Hollywood Helps Kick Off National Campaign
Los Angeles – A groundbreaking partnership formed by California judicial leaders and Hollywood has won an Emmy Award for the National Association of Women Judges (NAWJ).
The film "Fair and Free," conceived, written and produced by award-winning television writer and producer Jonathan Shapiro (The Blacklist, Life, Boston Legal, The Practice), featured former U.S. Supreme Court Justice Sandra Day O'Connor.
The film is the centerpiece of the NAWJ effort to combat civics education illiteracy which threatens to undermine the nation's fundamental institutions. It is also the first of what promises to be many more efforts to have Hollywood storytellers help teach important democratic principles.
"If the public doesn't understand the importance of a fair and free judiciary, the country won't have one," Shapiro said. "The courts will be taken over by special interest groups who are now pouring millions of dollars into campaigns that increasingly turn nonpartisan judicial elections into partisan battles."
The film is part of a long-standing and ongoing effort by the California judiciary to educate the public about what courts do and why it matters.
Supported by California Chief Justice Tani Cantil-Sakauye, Presiding Justice Judith McConnell and Justice Joan Irion of the Fourth District Court of Appeal, and retired Judge of the United States Court of Appeals for the Tenth Circuit, Dean Deanell Tacha of the Pepperdine University School of Law, among others, this work began in 2007 with then California Chief Justice Ronald George's Commission on Impartial Courts. It includes work by lawyers, law professors, as well as members of the bench, and numerous civics education partner organizations, such as the California League of Women Voters.
"All of us have a duty to tell the story of what judges do every day to ensure that equality and justice remain the hallmark of American law. Our film, I hope, is just the beginning of telling that story," Shapiro said. A former federal prosecutor and member of the Commission on Impartial Courts, Shapiro is currently of Counsel at Kirkland & Ellis, Los Angeles.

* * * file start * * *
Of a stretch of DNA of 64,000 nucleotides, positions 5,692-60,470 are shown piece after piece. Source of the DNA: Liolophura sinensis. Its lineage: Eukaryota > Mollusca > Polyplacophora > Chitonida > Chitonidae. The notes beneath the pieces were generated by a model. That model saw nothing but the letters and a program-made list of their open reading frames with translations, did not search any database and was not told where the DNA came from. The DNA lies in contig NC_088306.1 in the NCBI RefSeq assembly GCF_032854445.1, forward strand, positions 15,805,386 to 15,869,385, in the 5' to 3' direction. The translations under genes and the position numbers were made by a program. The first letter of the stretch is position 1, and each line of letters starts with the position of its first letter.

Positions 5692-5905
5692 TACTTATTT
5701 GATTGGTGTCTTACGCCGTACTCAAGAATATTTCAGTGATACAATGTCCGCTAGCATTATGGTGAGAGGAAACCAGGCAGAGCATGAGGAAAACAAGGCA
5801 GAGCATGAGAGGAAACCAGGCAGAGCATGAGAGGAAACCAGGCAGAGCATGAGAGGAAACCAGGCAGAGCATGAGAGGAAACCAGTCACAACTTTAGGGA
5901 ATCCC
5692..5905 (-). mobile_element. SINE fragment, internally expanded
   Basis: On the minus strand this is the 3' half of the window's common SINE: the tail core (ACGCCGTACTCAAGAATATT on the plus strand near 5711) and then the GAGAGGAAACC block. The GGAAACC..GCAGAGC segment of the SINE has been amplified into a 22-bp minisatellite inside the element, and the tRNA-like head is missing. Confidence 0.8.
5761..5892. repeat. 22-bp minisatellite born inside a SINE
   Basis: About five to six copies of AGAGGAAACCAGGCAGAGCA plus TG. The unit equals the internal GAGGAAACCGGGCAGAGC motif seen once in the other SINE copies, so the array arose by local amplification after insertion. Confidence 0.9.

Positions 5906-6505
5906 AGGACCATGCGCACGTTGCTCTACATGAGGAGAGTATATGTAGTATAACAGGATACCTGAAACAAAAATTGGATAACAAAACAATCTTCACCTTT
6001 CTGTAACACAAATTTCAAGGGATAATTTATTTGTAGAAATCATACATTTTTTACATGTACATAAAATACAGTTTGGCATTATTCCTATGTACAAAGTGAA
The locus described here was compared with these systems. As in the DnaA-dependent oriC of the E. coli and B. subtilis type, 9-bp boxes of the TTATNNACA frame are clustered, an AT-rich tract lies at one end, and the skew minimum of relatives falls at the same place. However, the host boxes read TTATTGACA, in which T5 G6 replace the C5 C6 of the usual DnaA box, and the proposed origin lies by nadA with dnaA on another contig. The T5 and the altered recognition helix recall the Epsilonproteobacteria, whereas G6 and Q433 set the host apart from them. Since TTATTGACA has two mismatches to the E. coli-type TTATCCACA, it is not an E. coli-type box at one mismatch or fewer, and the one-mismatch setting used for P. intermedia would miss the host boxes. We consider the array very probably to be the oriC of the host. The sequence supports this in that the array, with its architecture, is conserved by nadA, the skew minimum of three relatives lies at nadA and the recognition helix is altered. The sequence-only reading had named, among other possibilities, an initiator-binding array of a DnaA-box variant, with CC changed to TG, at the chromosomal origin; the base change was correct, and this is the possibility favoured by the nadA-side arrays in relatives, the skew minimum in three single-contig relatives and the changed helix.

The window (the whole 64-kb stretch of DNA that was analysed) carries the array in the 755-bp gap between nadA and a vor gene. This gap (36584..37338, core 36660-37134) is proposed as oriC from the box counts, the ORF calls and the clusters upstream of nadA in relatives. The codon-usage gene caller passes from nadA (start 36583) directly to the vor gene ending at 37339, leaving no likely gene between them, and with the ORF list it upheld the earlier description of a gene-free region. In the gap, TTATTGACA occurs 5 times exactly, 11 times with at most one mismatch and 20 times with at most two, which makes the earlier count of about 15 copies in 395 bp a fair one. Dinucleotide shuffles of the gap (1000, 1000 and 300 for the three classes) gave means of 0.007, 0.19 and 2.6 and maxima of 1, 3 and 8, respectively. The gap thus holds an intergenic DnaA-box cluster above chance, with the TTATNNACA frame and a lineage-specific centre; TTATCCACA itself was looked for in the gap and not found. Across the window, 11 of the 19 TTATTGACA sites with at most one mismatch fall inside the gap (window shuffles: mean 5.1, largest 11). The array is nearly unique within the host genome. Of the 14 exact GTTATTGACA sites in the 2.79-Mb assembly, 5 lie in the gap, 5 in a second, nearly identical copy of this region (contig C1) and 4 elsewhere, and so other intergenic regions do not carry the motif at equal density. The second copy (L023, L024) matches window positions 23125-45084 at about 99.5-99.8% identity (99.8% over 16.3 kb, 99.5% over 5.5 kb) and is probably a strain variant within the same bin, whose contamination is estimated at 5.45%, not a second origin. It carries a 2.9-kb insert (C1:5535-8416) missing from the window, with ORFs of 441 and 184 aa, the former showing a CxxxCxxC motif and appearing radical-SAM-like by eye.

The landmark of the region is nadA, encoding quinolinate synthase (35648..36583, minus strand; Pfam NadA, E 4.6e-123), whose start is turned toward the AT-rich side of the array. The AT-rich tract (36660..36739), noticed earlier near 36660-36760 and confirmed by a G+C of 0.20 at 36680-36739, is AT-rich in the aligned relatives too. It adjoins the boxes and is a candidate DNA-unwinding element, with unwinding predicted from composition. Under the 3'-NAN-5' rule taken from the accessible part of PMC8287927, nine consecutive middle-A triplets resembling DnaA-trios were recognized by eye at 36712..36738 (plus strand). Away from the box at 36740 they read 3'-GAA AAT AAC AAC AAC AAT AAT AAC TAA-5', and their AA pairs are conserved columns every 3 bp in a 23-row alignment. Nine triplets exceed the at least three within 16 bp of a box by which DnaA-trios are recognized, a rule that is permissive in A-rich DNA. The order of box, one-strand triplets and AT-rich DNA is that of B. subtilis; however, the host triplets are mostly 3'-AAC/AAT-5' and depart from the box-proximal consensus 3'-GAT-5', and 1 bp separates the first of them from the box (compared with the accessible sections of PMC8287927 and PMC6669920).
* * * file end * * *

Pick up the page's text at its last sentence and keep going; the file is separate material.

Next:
Nominated for three Emmys, the film won the Emmy Award for the Best Short Film/PSA from the National Capital Chesapeake Bay Chapter of the National Academy of Television Arts and Sciences on Saturday, June 14, 2014. This is the only award given in the Public Service Announcement category throughout the nation.
The NAWJ is the nation's primary professional organization for female jurists in state and federal courts in all 50 states. Founded in 1979, the NAWJ counts more than 1,200 members.
NAWJ's 'Informed Voters – Fair Judges' is a non-partisan voter education project developed to increase public awareness about the judicial system, to inform voters that politics and special interest attacks have no place in the courts, and to give voters the tools they need to exercise an informed vote in favor of fair and impartial courts.
"An independent and well-qualified judiciary is the necessary prerequisite to fairness and preservation of the rule of law. Every citizen has a heavy responsibility to be fully informed about the qualifications and experience of judicial candidates and to vote accordingly. No less than the future of our hard-won freedoms and system of government are at stake. Do your part in being an informed voter," said Dean Deanell Tacha, co-chair of the California Informed Voters Project.
To view the "Fair and Free" film in its entirety, or to learn more about the campaign, visit ivp.nawj.org.
National Association of Women Judges
Lisa Hall, 850-508-7782
Pepperdine University School of Law
Tom Inkel, 310-506-4492